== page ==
Home > Inspiration > Should I “waste” my time on experimental writing?

Should I “waste” my time on experimental writing?

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Yes! Okay, so you can see I’ve already made my mind up. Maybe you want a little more though? Fine, come on in!

Not enough hours in the day

There really isn’t is there? I struggle to get projects finished and here I am thinking of something wacky (but kinda cool) that couldn’t possibly make it onto a bookshelf. Despite this I’ve decided to go ahead with it anyway, and although I’m not completely neglecting the other project I’ve got on the go, it’s fair to say that time has been taken away.

A preview of my experiment (that shows you nothing useful)

A welcome distraction

But what can I say? I’m a sucker for a funky writing idea (I wish I was even remotely capable of doing this), and at least this one is brief, and not an all-consuming über project.

But it is a distraction. How do I justify it?

  • It’s fun. Yay, happy play time!
  • It’s a new set of challenges. Although I believe any writing will improve your writing, it’s sometimes fun to look at something from a different angle and get different parts of your writing mind working.
  • A change is as good as a rest. And sometimes you need a rest. A change of writing scenery can help you recharge your batteries.

How much is too much?

So you can see I don’t mind wandering off the path every now and again, if the project is exciting and brief enough. But it does rather pose the question, where do you draw the line?

I can’t really answer that. I can tell you where I think it is for me, but it might be different for you. How much do you want to have your “normal” book published? How much do you like experimental projects? Maybe you live for them!

As for myself, I’m making sure I still work on my other piece, even if time on it is reduced. I want to avoid that temptation of putting it away and working on something else proper. And like I said, this is a brief experiment. If after a couple of weeks I haven’t finished it, I’m just going to drop it – it’s not that important to me.

Have you got any writing experiments you’re particularly proud of? Is it online? If so I’d love to see it, and I’m sure others would too, so please post in the comments!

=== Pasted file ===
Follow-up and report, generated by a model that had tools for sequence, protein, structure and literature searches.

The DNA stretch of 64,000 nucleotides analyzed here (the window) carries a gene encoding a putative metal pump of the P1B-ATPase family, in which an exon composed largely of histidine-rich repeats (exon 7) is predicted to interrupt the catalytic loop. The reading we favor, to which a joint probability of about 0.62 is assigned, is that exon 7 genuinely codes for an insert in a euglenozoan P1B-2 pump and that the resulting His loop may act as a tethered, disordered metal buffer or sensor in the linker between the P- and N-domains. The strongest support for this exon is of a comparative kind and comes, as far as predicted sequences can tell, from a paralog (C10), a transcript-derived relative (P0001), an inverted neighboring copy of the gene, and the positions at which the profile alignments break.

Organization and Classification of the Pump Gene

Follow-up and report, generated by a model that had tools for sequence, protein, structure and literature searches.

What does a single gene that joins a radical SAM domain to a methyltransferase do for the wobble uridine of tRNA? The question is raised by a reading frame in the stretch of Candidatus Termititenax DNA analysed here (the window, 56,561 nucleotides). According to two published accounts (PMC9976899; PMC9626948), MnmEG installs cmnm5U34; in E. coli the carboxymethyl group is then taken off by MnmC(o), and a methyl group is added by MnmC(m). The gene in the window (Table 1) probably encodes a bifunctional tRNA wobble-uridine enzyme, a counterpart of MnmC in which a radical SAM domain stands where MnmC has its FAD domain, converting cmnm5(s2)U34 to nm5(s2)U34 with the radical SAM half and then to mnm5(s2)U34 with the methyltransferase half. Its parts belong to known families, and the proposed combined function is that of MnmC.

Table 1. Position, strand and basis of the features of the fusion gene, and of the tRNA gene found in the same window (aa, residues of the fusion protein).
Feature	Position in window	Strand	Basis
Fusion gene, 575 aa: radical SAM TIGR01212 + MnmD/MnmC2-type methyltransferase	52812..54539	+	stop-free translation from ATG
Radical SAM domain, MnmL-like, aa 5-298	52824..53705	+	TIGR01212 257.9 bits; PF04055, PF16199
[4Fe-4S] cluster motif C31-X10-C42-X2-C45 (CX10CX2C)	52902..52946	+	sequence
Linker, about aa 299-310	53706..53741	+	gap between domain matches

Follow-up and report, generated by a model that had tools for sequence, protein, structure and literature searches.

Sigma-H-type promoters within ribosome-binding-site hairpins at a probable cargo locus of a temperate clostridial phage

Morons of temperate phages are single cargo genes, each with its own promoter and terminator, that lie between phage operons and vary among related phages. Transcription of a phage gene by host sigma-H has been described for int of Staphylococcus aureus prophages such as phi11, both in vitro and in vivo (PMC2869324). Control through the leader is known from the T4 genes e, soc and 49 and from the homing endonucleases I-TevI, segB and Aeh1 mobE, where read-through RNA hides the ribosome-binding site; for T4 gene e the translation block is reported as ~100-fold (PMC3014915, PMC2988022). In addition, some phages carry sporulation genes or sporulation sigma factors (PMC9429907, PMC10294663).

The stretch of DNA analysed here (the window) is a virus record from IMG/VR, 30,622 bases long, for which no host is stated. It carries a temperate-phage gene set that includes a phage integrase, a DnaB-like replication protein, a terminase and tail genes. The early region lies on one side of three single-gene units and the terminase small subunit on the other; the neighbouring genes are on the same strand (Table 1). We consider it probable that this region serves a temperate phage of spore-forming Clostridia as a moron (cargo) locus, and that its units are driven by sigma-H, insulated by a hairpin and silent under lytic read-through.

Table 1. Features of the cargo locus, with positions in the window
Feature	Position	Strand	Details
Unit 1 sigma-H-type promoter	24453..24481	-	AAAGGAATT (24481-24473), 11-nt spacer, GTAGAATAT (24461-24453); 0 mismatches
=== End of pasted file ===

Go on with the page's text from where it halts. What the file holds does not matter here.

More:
• Craig

    How experimental is this new piece of writing, thats the question (Though one without a question mark it seems).  The problem is, as you highlight, there isn’t really a forum for experimental writing, is there?  There’s no experimental writing section at Waterstones.  There’s the internet of course, but that goes down the self publishing route again doesn’t it, which gets us back onto Amanda Hocking.  There are only two books that I can think of (that I’ve read) that I’d class as experimental.  One of them is 253 (which I’ve mentioned numerous times before) – and that started as an internet based project anyhow – and House of Leaves.  House of Leaves however had a narrative.  Several, actually.  And it also took Mark Z Danielewski like, ten years to write (though this too is a moot point.  I started my book over ten years ago, and still it languishes)

    But its experimental isn’t it?  If you have fun with it, then you dont know where it might lead.  It might not lead anywhere, but it might open up new thought processes which could help your other work.

    As soon as you have something, throw it my way, yeah?

  • http://getmewriting.com Matt Roberts

    It’s a little experimental. Honestly, it’s only as little thing. It has similarities to my word map idea, but it’s not as big as that. Update soon!

  • kingzoko

    I know I’m a little late to comment but I just found this post.
    I wrote a small series of experimental pieces a year or two ago that I thought I’d share. They’re on my writing blog, here:


    They’re called “surrealscapes”. My favorites are #3, #2, and #7. Each one is a individual prose-poem type “story”, but all eight share
    some themes/images/language style etc. and were written with the “set” in mind. They could probably still use quite a bit of revision, and I’d like to pick the project up again at some point (make the set more cohesive, for one thing).

    I also wanted to mention Christine Brooke-Rose as a little-known writer of
    experimental novels…I’ve only read a couple of them (“Out” and
    “Such”), but I recommend her for anyone interested in seeing how
    experimental writing can be fashioned into longer works. I would also
    recommend works by the Oulipo group writers – most notably Raymond
    Queneau and Georges Perec (read in the original French if possible) –
    who employed different constraints in their fiction, like Perec’s novel
    “La Disparition” which was a lipogram (the entire book written without
    using the letter ‘e’).

    I’m curious as to what your experimental idea was. Could you share? I agree with your post, in that it all comes down to balance in terms of time dedicated – a little bit of experimental writing to give yourself a break, some variety, but not so much that it acts as a form of procrastination from your other (probably more serious) work.

  • http://getmewriting.com Matt Roberts

    Dude, it’s never too late to comment! I like the freewriting kind of vibe in your work, and I will look up the writers you mentioned (although my French ain’t that hot!)

    The experimental piece is actually the background to this blog! You can find the write up here http://getmewriting.com/matts-writing/freewriting-a-writers-wallpaper/

    and you might also like this http://getmewriting.com/inspiration/writers-dont-delete-spam/

    Oh, and this isn’t me, but it’s pretty awesome: http://www.creativereview.co.uk/cr-blog/2011/april/tree-of-codes-making-of

  • Robin

    Preface to ‘Shadows’, a work I published (online) just over a year ago.